OLYMPIA - Trouble - not just beer - is brewing these days at Fish Brewing Co. in downtown Olympia.
Owners of the brewery, which got its start on Jefferson Street in 1993, have plans that place them in direct conflict with Olympia’s sizable performing arts community.
They want to increase their warehouse space in the historic Olympia Knitting Mills building vertically so they can stack pallets of beer and cider kegs and bottles higher, and remodel their loading dock to improve safety and efficiency.
It’s all part of an ambitious, 10-year business plan to increase production at the brewery from 15,000 barrels – there are 31 gallons in a barrel – to 60,000, brewery production manager Dave Vitt said.
“A business like this – you either grow it, or it dies,” Vitt said.
But here’s the conflict: Growth for the brewery at its current location will be the death knell for The Loft on Cherry, arguably the most popular community-events space available for rent in downtown Olympia.
Why? The floor of the historic loft, which sits above the brewery, would have to be removed for the brewery to achieve its on-site expansion goals.
In the past year alone, the loft has hosted more than 75 community concerts and festivals, 30 weddings, 10 reunions, 25 retirement and anniversary parties, 15 educational lectures and workshops, and 27 nonprofit benefits, according to a Facebook posting by loft supporters called “Don’t Wreck the Loft.” In addition, the loft is home base to nine small businesses and 150 local musicians, artists, photographers, students and others.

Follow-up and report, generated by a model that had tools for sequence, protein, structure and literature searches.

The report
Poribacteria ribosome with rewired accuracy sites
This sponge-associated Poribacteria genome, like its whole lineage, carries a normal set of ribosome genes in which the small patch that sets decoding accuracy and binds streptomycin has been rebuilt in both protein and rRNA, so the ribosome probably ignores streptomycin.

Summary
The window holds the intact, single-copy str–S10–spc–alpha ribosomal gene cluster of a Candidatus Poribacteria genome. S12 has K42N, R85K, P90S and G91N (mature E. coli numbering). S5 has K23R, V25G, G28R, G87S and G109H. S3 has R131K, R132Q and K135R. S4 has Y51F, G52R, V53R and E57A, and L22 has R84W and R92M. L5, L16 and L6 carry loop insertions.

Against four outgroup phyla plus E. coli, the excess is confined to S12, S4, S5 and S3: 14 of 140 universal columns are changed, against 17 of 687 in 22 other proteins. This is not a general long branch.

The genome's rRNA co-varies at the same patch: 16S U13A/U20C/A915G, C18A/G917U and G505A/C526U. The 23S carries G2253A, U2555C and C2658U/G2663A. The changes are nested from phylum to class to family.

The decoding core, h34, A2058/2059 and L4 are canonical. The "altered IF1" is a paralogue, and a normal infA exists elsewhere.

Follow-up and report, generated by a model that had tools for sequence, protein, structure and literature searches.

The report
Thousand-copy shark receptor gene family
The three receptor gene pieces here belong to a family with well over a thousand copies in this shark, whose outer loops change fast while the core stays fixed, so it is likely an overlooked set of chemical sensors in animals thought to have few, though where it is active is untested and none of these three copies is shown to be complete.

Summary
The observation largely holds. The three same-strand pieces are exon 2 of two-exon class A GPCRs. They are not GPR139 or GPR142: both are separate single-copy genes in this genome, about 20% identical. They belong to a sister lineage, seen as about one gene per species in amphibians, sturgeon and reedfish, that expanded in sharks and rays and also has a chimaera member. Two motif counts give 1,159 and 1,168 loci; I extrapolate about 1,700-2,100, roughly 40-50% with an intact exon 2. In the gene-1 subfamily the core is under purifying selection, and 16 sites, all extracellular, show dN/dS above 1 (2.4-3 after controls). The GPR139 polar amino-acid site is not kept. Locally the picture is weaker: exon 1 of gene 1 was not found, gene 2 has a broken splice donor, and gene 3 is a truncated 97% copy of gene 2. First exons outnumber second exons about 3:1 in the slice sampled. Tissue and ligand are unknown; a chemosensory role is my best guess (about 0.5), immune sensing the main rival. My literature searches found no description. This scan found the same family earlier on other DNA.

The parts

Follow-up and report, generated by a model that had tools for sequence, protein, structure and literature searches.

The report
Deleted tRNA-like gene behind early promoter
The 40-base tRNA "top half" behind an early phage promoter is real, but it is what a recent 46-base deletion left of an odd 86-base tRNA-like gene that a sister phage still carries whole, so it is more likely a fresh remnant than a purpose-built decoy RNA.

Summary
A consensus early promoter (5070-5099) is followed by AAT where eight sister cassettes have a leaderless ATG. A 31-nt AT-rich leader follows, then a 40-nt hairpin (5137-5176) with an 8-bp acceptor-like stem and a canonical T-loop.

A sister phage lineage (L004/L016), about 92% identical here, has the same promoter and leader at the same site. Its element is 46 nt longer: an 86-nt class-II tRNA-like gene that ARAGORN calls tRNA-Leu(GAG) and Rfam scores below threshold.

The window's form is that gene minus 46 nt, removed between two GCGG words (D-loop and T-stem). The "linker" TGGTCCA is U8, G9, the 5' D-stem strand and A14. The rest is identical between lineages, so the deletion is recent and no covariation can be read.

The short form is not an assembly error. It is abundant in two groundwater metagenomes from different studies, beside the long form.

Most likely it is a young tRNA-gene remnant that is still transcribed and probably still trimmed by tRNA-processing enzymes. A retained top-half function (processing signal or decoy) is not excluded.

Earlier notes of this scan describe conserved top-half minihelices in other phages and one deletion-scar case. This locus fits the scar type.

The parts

“It would be a tragedy to lose that space,” said Cliff Moore, a member of the percussion group Samba Olywa, which rehearses there every Sunday in preparation for Procession of the Species and other performances.
As of Friday morning, 419 people had signed a petition on a Facebook page, calling on Fish Brewing Co.’s majority shareholder, Washington Wine and Beverage Co. of Woodinville, to secure alternative storage space that doesn’t include destruction of the loft.
If not, the petitioners, many of them consumers of Fish Tale beer and patrons of the Fish Tale Brew Pub across the street from the brewery, have threatened to boycott the products of Fish Brewing Co. and its primary shareholder.
The controversy pits people who share similar goals and beliefs against one another.
“I love Fish and the loft,” Mark Morrison of Olympia wrote on the petition. “Hopefully, there is a solution that is good for both!”
There are more than 20 empty warehouse spaces in downtown Olympia that could meet the brewery’s storage needs, said Samba Olywa member Juli Kelen.
Splitting brewery operations between two locations would be costly and time-consuming and wouldn’t solve the loading dock problem, which has trucks loading in the street, Vitt said.
And the last thing the brewery wants to do is not renew its lease with building owner Brian Kolb when it expires later this year. That would trigger a move from the 82-year-old building, which has been home to a variety of manufacturing businesses.